The More Things Change

This weekend I found myself on my hands and knees struggling around in my crawlspace. I’m short but it turns out not short enough to avoid the crossbeams of a space designed more for utility access and rarely used bric-a-brac than for human movement. The smart plan would have been to get in and get out focusing on the Christmas decorations that had sent me there in the first place.

But no, not me.

Instead, I navigated in the darkness looking for the box of books I was sure was there. Somehow in our last move I lost track of a stash of books I had from college and while I don’t have an inventory, I know that I wouldn’t have jettisoned my copy of Kafka’s The Metamorphosis, Swift’s Gulliver’s Travels or the Marketing textbook I researched a case for in graduate school. I didn’t find them, but instead I found a milk crate of my own history.

Nestled in a back corner I found it, filled with small remnants from my 20’s. I found the theatre portfolio I submitted to get placed into the right lighting design class, the binder that contained the artifacts of my journey to grad school (application, acceptance letter and letters from the Dean for grades) and a hodgepodge of stuff from my final desk cleaning when I left my first real job, starting the zig zag of my career.

At the top of that last pile, tossed carelessly in amongst the other miscellaneous desk contents, was a simple printed document. Titled “360 Development Feedback Report” and dated 2006, it contained anonymous comments on my strengths and opportunities for improvement from my direct reports and peers. I scanned the pages, eager to see how much I had changed since then.

My team then, both subordinates and peers, commented on my confidence, clarity of vision, willingness to share technical knowledge, ability to create team and support of my team’s work-life balance. And they noted that I needed to work on my delegation, communication, defensiveness when challenged and ability to manage my own work-life balance. When I finished reviewing the pages I flipped back to the beginning to make sure I was looking at the right thing. I was confused because, to be honest, those comments could have been written about me this week as easily as 10 years ago.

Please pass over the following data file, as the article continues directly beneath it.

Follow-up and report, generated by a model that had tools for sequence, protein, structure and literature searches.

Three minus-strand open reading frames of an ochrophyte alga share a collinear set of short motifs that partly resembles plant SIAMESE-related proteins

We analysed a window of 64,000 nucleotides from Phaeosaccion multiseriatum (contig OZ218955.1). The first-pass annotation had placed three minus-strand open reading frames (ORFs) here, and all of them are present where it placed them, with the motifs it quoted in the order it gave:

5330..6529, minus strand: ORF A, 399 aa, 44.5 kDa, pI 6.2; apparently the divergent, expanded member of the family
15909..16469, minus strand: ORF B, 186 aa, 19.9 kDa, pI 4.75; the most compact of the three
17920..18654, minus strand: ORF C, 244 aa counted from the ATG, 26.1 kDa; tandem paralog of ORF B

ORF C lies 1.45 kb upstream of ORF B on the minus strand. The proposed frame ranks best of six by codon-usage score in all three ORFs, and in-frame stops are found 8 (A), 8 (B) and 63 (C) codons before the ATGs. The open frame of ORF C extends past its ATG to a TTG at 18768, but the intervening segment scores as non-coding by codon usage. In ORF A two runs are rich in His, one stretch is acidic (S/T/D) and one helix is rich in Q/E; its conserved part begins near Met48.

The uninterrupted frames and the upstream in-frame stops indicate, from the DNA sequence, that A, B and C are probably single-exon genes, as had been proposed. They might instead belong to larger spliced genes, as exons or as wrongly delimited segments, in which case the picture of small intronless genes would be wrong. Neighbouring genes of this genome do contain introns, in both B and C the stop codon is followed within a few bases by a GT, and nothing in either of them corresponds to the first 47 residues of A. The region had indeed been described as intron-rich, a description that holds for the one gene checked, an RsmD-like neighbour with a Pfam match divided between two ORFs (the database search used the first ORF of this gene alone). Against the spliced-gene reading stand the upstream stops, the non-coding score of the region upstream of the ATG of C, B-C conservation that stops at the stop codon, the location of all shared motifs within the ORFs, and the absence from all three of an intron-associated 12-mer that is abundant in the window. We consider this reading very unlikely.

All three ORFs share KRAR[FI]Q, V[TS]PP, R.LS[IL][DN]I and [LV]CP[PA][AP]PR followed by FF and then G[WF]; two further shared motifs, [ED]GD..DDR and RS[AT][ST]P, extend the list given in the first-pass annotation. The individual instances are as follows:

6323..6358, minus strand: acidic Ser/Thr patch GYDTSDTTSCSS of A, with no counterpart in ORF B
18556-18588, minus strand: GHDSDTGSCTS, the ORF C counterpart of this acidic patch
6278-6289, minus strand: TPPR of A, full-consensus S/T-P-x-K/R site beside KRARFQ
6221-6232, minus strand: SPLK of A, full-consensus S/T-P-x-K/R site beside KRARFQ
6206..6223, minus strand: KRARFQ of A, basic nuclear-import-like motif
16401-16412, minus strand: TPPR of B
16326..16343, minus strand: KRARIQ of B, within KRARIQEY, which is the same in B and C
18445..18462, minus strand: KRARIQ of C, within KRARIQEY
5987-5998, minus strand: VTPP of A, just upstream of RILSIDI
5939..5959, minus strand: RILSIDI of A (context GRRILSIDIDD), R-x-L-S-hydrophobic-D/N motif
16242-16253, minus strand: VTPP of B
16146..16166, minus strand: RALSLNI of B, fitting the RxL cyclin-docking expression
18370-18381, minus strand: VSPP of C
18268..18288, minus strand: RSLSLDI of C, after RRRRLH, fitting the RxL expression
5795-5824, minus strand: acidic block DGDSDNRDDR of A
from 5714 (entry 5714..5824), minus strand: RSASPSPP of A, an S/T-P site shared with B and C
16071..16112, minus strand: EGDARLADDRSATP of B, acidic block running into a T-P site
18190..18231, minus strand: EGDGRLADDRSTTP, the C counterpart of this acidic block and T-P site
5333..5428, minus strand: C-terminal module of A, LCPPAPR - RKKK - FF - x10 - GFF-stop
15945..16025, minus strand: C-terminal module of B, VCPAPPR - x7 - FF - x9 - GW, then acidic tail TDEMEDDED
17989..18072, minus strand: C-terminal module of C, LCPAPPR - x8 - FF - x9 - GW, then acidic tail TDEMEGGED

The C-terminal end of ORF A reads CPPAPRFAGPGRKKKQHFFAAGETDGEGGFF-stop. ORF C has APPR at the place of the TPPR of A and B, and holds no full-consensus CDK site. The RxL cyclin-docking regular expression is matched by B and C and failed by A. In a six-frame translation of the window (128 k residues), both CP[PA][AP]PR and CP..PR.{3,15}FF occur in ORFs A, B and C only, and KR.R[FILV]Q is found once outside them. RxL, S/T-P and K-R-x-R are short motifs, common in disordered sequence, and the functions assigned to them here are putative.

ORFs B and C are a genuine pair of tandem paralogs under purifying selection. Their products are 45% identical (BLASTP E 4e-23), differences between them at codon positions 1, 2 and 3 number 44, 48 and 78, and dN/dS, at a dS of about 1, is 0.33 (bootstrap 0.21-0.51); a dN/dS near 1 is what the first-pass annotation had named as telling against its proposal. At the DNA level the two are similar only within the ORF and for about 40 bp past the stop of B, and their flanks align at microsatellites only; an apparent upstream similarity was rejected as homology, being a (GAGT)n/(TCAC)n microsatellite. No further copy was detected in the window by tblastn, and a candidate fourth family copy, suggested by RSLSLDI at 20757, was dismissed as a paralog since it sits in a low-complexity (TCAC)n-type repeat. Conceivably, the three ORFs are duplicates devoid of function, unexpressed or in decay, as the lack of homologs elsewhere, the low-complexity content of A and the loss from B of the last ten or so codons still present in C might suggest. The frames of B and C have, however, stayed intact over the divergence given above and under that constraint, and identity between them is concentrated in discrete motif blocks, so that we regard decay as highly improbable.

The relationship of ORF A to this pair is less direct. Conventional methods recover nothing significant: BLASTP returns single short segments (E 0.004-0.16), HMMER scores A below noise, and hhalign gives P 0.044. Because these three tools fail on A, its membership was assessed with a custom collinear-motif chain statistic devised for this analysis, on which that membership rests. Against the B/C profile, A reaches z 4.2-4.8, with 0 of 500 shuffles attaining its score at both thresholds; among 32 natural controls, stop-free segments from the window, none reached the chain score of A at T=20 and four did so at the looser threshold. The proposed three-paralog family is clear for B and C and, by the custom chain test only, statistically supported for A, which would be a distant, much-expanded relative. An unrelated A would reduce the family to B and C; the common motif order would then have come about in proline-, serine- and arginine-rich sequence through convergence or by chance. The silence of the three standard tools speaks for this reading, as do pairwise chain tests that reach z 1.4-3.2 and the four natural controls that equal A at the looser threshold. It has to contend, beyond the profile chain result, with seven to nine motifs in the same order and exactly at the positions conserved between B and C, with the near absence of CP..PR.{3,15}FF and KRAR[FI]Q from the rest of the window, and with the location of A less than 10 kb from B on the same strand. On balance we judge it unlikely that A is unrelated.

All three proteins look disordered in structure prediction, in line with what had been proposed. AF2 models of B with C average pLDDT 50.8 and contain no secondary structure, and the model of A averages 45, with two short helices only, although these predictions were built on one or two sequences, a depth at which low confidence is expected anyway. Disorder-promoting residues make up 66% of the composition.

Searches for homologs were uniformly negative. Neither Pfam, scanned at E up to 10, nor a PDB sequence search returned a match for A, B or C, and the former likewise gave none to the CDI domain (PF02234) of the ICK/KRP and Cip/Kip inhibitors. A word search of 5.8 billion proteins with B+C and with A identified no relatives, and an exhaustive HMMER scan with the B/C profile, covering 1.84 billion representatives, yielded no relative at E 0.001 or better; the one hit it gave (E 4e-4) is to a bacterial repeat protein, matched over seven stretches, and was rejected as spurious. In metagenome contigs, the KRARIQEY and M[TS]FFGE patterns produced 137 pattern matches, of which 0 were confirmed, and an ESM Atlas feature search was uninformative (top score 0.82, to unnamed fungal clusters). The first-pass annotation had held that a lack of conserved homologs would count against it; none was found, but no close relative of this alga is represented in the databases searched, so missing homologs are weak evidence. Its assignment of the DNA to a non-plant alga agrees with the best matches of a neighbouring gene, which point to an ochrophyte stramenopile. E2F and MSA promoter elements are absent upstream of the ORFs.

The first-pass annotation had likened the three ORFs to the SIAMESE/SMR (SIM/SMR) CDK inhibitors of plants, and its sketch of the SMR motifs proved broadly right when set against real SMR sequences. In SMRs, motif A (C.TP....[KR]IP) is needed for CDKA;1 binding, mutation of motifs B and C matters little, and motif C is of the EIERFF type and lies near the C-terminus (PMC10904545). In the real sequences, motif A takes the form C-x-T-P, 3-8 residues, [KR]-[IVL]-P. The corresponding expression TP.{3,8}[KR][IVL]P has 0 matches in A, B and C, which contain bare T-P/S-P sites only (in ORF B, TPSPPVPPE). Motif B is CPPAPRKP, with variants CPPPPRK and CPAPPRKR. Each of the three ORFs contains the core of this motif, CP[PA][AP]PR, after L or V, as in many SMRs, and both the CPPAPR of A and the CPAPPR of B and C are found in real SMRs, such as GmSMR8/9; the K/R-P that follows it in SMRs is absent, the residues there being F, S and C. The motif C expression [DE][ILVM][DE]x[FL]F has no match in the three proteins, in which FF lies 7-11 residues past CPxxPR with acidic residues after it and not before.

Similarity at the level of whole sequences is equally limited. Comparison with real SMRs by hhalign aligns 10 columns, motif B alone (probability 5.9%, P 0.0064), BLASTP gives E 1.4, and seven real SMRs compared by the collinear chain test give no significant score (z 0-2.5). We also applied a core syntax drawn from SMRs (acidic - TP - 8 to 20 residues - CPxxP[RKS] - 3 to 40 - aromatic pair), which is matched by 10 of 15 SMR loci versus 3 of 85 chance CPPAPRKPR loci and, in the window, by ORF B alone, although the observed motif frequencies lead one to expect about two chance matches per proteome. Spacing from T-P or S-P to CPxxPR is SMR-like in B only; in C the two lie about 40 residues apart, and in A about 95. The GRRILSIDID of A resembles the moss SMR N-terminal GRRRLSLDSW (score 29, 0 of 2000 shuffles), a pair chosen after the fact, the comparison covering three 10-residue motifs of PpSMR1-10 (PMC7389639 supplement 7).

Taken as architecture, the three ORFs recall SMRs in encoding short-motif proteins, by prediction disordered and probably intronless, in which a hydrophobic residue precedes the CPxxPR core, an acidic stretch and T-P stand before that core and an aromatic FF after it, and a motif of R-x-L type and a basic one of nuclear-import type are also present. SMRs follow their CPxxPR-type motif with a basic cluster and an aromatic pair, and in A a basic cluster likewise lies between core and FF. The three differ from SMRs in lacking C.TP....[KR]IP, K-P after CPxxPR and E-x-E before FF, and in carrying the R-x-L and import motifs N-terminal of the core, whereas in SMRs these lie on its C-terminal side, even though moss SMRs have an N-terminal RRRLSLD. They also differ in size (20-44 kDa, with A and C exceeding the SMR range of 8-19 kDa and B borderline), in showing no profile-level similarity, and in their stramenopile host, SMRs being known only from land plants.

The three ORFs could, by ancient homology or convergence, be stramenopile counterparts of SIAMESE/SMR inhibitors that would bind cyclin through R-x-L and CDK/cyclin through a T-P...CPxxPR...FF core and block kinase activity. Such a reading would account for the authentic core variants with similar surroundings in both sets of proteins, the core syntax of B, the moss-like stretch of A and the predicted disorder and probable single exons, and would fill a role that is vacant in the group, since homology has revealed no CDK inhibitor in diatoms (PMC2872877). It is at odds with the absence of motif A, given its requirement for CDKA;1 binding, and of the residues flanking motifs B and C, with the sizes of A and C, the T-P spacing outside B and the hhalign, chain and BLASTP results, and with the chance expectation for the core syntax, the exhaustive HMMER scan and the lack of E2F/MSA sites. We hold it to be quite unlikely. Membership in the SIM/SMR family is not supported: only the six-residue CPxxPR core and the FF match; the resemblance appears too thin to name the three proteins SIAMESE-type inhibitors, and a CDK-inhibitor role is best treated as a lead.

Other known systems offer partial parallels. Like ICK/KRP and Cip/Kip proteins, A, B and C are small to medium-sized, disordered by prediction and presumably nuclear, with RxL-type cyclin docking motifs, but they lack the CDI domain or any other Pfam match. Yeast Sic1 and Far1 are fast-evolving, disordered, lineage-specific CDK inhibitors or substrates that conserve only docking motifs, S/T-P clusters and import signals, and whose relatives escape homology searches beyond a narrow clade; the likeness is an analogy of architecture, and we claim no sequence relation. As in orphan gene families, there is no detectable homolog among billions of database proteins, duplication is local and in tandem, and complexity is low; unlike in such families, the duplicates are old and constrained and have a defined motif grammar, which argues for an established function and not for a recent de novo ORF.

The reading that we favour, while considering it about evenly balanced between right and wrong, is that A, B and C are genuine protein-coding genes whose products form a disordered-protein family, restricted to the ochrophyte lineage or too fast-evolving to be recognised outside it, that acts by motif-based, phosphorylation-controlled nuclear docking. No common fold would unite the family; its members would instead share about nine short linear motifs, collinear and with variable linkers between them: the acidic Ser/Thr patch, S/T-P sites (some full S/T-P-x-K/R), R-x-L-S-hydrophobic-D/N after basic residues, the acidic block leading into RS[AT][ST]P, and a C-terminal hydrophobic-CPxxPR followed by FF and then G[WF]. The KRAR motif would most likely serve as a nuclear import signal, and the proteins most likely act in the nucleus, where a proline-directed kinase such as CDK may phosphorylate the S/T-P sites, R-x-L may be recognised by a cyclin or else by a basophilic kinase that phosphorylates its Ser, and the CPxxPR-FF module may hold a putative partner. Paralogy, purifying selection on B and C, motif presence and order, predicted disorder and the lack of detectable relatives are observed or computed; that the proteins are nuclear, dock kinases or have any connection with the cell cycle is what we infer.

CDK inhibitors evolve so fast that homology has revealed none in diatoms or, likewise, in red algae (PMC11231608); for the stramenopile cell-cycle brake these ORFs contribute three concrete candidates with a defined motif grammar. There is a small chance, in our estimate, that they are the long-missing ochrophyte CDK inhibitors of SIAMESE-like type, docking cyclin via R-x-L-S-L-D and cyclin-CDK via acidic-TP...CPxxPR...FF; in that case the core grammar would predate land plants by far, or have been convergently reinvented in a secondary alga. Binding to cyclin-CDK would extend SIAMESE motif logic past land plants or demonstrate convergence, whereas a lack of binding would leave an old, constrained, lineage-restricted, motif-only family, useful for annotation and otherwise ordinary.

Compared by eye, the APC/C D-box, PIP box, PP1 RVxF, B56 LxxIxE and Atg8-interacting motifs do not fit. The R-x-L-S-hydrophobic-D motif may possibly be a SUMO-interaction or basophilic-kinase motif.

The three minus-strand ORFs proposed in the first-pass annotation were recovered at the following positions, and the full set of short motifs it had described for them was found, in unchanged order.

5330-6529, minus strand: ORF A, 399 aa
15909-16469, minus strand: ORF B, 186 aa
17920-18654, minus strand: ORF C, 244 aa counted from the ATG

Maybe you’re not surprised. After all, it was in the 19th century that author Jean-Baptiste Alphonse Karr coined the phased “plus ça change, plus c’est la même chose” or “the more things change the more they stay the same.” Maybe it’s not that surprising that someone who was described in 2006 as “one of the most relentless and energetic persons I have ever worked with” is still high-energy. Or that someone who “should sometimes put more faith in her employees, not only by delegating more, but also by trusting the work of the employee and not changing/altering everything that has to go up to senior management” still has a tendency to own the final version of a presentation before it hits prime time. Maybe I shouldn’t be surprised that at my core I’m the same person now that I was then. And, I guess I wouldn’t be surprised except for one basic thing:

I believe, in my heart, I have been living a growth mindset.

Our beliefs are tricky things and no beliefs are trickier to manage then those about ourselves. I just finished a book called The Subtle Art of Not Giving a F*ck and while Mark Manson’s shocking title (and prolific use of a word frowned upon in polite circles) might put people off, one of the key points of the book is that being open to being wrong, especially about deeply held beliefs, is a key to happiness. He notes that questioning your own values and whether you are living them is critical to determining what you care about (what you should give a f*ck about) and living a life of purpose.